- Axons of CN VII initially pass dorsal-medially, and loop over abducens nucleus (red) before turning ventrally to exit brainstem at pontomedullary junction

- NOTE: facial nucleus axons create a bulge on the floor of the fourth ventricle called the facial colliculus


Where/how does CN VII exit the calvarium?

- Facial N and nervus intermedius exit calvarium via auditory canal 

- Opening of this canal is called the internal auditory meatus -> w/in auditory canal, CN VII bends ventrally to enter the facial canal and exits the skull via the stylomastoid foramen 


Describe the anatomy of motor VII and nucleus intermedius, incl. their target organs.

- Motor VII exits brainstem at pontomedullary junction, traverses cerebellopontine angle to enter internal auditory meatus and travel in auditory canal of petrous bone -> bends to enter facial canal, and exits cranium via the stylomastoid foramen 

- Fibers (nervous intermedius) of superior salivatory nucleus exit brainstem as small root adjacent to motor VII -> travel w/motor VII to synapse in sphenopalatine (pterygopalatine) and submandibular ganglia w/2o neurons innervating salivary/lacrimal glands

- TARGETS: mm of facial expression, salivary/lacrimal glands


What do the motor fibers of the facial N innervate?

- MM of facial expression

- Stapedius muscle: dampens sound 


How can you test motor CN VII?

- Ask pt to wrinkle their forehead, close their eyes tightly, and show you their teeth 

- Look for symmetric furrowing of forehead, ability to symmetrically close eyes, and symmetric retraction of corners of the mouth 

- Motor VII and its nerve also mediate efferent arm of the corneal reflex -> gently stroke cornea, and observe eye closure 

- Also note width of palpebral fissure since weakness of orbicularis oculi m will cause widening of eye opening at rest (see attached image)


How will UMN and LMN lesions to CN VII manifest themselves?

- UMN input to motor CN VII largely bilateral for forehead mm, but unilateral for mm of lower face -> unilateral lesions to motor cortex or corticobulbar fibers causes unilateral weakness of contralateral lower face mm, but spares forehead mm (common cause is stroke)

- Unilateral LMN lesions cause ipsilateral weakness of lower face AND forehead mm -> ipsilateral hyperacusis (sensitivity to certain sounds) and dry eye may also occur -> common cause is Bell's palsy

1. See attached image


Where is the nucleus of CN IX? Where does it exit the calvarium, and what does it innervate?

- Mixed motor, PARA, sensory N 

- MOTOR: nucleus ambiguus (red box) near ponto-medullary junc; innervates stylopharyngeus m 

- PARA: inferior salivatory nucleus (purple box) near midline of medulla sends preganglionic, PARA fibers via IX to lesser petrosal N to synapse in otic ganglion w/2o innervation of parotid gland 


Where does CN IX exit the brainstem?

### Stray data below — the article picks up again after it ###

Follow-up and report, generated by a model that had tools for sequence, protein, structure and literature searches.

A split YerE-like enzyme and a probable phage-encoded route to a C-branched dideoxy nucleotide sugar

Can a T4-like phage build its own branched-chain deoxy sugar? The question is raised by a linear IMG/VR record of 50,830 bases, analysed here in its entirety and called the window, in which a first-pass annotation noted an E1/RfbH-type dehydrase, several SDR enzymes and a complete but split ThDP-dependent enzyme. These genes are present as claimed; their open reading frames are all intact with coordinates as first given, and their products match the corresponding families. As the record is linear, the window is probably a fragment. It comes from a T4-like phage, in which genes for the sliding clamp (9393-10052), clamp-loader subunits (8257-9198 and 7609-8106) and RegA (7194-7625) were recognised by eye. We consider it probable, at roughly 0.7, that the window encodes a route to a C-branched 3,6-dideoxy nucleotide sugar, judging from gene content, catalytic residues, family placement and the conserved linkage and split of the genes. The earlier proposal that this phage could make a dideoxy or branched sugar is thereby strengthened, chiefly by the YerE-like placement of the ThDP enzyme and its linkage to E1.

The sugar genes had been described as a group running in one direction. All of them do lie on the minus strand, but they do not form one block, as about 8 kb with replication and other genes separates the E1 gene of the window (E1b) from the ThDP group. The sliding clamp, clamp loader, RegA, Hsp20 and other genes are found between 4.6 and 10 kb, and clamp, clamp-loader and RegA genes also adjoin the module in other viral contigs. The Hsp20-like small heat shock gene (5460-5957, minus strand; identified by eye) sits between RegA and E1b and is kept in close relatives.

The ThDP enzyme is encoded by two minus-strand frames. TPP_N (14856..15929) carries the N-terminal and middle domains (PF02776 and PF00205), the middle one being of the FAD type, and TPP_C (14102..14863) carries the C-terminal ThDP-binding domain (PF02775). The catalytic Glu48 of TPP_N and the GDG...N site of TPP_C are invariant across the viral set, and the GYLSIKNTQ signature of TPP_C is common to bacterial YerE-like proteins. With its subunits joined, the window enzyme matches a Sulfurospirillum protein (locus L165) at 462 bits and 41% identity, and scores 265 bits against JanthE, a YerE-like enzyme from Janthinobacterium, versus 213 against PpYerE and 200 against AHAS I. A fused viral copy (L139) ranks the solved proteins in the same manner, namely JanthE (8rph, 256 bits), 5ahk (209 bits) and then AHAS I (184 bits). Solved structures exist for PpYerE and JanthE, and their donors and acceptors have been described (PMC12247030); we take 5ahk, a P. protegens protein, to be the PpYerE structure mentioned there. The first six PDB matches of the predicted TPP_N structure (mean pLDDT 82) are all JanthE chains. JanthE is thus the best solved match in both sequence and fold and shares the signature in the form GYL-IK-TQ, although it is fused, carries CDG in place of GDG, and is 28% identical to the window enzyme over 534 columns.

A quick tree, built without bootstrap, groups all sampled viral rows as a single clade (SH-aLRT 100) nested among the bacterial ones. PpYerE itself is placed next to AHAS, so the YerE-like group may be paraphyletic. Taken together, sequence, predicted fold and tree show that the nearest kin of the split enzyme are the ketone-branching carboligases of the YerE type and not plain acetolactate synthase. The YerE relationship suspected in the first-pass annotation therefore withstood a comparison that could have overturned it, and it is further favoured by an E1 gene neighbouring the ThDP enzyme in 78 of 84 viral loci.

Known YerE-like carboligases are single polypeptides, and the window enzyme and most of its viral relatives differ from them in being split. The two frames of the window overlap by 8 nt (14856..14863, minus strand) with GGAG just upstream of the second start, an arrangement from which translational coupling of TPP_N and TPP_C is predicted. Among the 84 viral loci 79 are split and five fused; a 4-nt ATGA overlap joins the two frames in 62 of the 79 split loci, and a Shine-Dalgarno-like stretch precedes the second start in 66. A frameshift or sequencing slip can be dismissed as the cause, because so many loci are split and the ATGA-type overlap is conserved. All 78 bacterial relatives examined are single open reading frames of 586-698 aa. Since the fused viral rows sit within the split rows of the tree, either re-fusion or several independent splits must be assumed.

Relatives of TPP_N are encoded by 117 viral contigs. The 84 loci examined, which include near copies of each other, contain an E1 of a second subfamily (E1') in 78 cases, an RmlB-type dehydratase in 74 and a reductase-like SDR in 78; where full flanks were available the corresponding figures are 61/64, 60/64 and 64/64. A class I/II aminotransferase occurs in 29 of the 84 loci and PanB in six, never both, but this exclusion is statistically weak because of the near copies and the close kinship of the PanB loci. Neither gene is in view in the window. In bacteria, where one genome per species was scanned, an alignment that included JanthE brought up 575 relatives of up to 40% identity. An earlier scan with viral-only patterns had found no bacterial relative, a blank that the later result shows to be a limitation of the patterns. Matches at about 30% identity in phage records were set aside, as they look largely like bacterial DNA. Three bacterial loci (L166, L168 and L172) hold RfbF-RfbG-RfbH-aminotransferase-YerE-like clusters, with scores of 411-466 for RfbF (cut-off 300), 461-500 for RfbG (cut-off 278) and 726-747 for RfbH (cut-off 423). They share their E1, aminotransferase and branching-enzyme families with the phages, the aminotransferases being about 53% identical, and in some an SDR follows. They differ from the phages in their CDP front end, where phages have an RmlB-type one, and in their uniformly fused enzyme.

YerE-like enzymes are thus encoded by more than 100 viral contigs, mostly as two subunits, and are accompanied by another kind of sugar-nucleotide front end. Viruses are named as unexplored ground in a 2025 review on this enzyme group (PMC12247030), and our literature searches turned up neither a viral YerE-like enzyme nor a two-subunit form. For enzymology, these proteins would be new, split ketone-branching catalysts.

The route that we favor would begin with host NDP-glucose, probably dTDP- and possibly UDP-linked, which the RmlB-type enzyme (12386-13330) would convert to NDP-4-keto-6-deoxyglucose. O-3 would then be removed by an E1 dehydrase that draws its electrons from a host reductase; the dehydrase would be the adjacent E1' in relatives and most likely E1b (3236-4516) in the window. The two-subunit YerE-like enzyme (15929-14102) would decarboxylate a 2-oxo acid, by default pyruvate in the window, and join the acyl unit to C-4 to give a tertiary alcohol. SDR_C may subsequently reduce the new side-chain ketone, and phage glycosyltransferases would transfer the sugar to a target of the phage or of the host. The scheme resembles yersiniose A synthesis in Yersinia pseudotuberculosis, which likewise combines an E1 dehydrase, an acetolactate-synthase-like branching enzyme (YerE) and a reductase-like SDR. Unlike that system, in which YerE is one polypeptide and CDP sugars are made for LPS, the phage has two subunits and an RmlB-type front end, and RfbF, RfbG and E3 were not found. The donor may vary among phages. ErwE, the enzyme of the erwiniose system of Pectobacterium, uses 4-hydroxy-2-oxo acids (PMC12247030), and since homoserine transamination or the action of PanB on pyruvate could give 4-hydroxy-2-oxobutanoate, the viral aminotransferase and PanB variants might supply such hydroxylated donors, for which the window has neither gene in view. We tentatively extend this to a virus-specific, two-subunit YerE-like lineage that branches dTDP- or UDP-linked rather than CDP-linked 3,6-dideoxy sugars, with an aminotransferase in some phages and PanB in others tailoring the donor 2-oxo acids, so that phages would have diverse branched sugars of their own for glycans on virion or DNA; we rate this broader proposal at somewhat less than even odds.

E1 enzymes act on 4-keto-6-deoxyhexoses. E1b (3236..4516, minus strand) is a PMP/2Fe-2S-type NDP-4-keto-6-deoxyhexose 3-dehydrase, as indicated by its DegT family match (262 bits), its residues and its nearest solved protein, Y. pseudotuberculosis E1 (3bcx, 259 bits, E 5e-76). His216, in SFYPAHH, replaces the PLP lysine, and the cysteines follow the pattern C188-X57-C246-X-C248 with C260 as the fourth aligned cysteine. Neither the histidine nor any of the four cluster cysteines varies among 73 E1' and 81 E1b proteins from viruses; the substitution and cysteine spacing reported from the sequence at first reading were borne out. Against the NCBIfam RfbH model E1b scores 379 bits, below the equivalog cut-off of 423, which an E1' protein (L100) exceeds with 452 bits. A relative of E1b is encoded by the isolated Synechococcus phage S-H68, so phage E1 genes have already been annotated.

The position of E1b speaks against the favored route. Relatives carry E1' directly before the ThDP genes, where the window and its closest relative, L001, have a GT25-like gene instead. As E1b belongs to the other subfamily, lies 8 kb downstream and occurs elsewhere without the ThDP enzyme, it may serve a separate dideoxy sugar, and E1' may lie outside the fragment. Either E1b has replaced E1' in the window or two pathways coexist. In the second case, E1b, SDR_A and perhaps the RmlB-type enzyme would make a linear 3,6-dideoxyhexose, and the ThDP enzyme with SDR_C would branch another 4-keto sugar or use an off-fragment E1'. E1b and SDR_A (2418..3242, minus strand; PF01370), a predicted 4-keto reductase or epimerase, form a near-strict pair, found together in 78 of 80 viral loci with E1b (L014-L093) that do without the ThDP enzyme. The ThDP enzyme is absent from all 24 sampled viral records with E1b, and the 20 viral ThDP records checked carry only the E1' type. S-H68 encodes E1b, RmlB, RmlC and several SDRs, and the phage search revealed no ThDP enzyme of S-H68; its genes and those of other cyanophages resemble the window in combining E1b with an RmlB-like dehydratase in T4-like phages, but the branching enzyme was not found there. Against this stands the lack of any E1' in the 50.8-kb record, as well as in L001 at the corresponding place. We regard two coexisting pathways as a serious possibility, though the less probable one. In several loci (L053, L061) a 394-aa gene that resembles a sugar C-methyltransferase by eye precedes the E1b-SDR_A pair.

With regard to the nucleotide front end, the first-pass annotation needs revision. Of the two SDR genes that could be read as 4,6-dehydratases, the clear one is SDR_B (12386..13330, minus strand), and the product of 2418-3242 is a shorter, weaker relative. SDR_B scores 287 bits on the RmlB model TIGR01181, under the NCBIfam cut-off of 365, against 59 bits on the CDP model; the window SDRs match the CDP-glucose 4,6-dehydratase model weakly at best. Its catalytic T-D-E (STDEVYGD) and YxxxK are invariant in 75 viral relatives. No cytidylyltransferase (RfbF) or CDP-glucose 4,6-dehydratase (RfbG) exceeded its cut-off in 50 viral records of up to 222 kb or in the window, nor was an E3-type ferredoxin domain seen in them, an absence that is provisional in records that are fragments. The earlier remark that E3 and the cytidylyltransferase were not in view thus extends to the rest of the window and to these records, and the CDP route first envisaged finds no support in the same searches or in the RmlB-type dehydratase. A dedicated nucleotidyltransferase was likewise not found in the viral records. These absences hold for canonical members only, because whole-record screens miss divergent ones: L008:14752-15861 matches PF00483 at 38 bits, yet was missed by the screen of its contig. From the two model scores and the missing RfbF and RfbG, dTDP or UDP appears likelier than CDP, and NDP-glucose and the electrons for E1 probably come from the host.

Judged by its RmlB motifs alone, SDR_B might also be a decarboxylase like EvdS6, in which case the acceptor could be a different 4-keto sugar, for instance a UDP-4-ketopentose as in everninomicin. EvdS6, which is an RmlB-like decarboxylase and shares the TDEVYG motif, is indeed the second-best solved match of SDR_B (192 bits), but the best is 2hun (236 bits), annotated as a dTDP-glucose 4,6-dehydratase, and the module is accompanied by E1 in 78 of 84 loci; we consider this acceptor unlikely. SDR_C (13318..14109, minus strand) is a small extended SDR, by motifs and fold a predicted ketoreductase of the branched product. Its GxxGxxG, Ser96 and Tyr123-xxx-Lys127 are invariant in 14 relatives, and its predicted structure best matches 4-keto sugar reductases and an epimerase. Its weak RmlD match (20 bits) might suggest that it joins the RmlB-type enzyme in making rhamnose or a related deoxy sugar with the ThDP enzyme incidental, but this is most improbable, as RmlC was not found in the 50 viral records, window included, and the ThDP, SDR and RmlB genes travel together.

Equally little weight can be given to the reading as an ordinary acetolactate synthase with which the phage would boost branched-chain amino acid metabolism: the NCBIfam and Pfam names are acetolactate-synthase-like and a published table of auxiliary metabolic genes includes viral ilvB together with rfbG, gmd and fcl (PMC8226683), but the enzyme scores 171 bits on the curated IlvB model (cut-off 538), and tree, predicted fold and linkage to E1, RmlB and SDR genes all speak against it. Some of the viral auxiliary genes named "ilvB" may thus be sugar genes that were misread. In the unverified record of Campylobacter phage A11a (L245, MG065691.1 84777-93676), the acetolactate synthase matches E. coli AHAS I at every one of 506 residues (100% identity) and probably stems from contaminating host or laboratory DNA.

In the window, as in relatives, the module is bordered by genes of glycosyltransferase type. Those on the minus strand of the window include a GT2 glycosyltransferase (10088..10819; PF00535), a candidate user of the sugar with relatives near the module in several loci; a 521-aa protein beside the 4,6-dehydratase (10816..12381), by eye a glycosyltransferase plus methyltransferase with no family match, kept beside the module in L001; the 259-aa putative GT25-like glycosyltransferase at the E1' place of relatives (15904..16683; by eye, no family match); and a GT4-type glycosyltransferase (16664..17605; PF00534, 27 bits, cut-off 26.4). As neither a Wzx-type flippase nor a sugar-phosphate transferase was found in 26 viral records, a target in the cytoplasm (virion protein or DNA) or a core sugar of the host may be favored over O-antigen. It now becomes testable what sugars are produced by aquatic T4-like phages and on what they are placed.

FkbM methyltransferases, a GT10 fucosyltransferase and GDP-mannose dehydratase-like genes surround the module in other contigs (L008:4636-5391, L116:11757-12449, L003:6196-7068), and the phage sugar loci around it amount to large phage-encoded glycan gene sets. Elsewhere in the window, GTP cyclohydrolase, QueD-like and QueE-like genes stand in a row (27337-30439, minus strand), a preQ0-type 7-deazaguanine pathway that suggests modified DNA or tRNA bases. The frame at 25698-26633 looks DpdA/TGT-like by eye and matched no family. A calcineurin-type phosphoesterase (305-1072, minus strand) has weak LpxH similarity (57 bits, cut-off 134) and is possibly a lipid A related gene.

- Exits at junction b/t pons and medulla 

- Ventral surface of brainstem


Where does CN IX exit the calvarium?

- Jugular foramen (w/X, XI, and internal jugular) 


Describe the anatomy of motor N IX, and its target organs.

- Nucleus ambiguus fibers exit calvarium via jugular foramen and innervate stylopharyngeal m to raise pharynx during talking and swallowing 

- Efferent fibers from inferior salivatory nucleus travel w/CN IX, and split off as lesser petrosal N before synapsing in otic ganglion -> 2o neurons innervate parotid gland

- TARGETS: stylopharyngeus m, and parotid gland


How is CN IX function tested clinically?

- Testing motor function difficult, and usually not done bc only innervates stylopharyngeal m 

- N integrity routinely tested under sensory func by testing gag reflex, of which CN IX mediates the sensory component (afferent):

1. Motor component is shared by IX and X, but more so by X 

2. Tested by gently touching posterior pharynx on L and R separately, and watching for motor, or gag response, and elevation of soft palate 


Where is the nucleus of CN X? Where does it exit the calvarium, and what does it innervate?

- Mixed motor, PARA, and sensory 

- MOTOR: served by nucleus ambiguus (red box) near lateral medulla, and innervates mm of soft palate, pharynx, and larynx 

- PARA: dorsal motor nucleus of Vagus (purple box) near midline of medulla sends preganglionic, PARA fibers to intramural ganglia associated with the heart, lung, and digestive tract (red arrow pts to nerve) 


Where does CN X exit the brainstem?

- Series of rootlets between inferior olive and inferior cerebellar peduncle 

- Ventral surface of brainstem 


How does CN X exit the calvarium?

- Jugular foramen (w/IX, XI, internal jugular)


Describe the anatomy of motor nerve X.

- Nucleus ambiguus fibers travel in CN X to innervate pharyngeal, laryngeal, and palate mm -> exits calvarium via jugular foramen 

- Preganglionic fibers of dorsal motor nucleus travel with CN X to synapse in intramural ganglia in walls of heart, lungs, and gut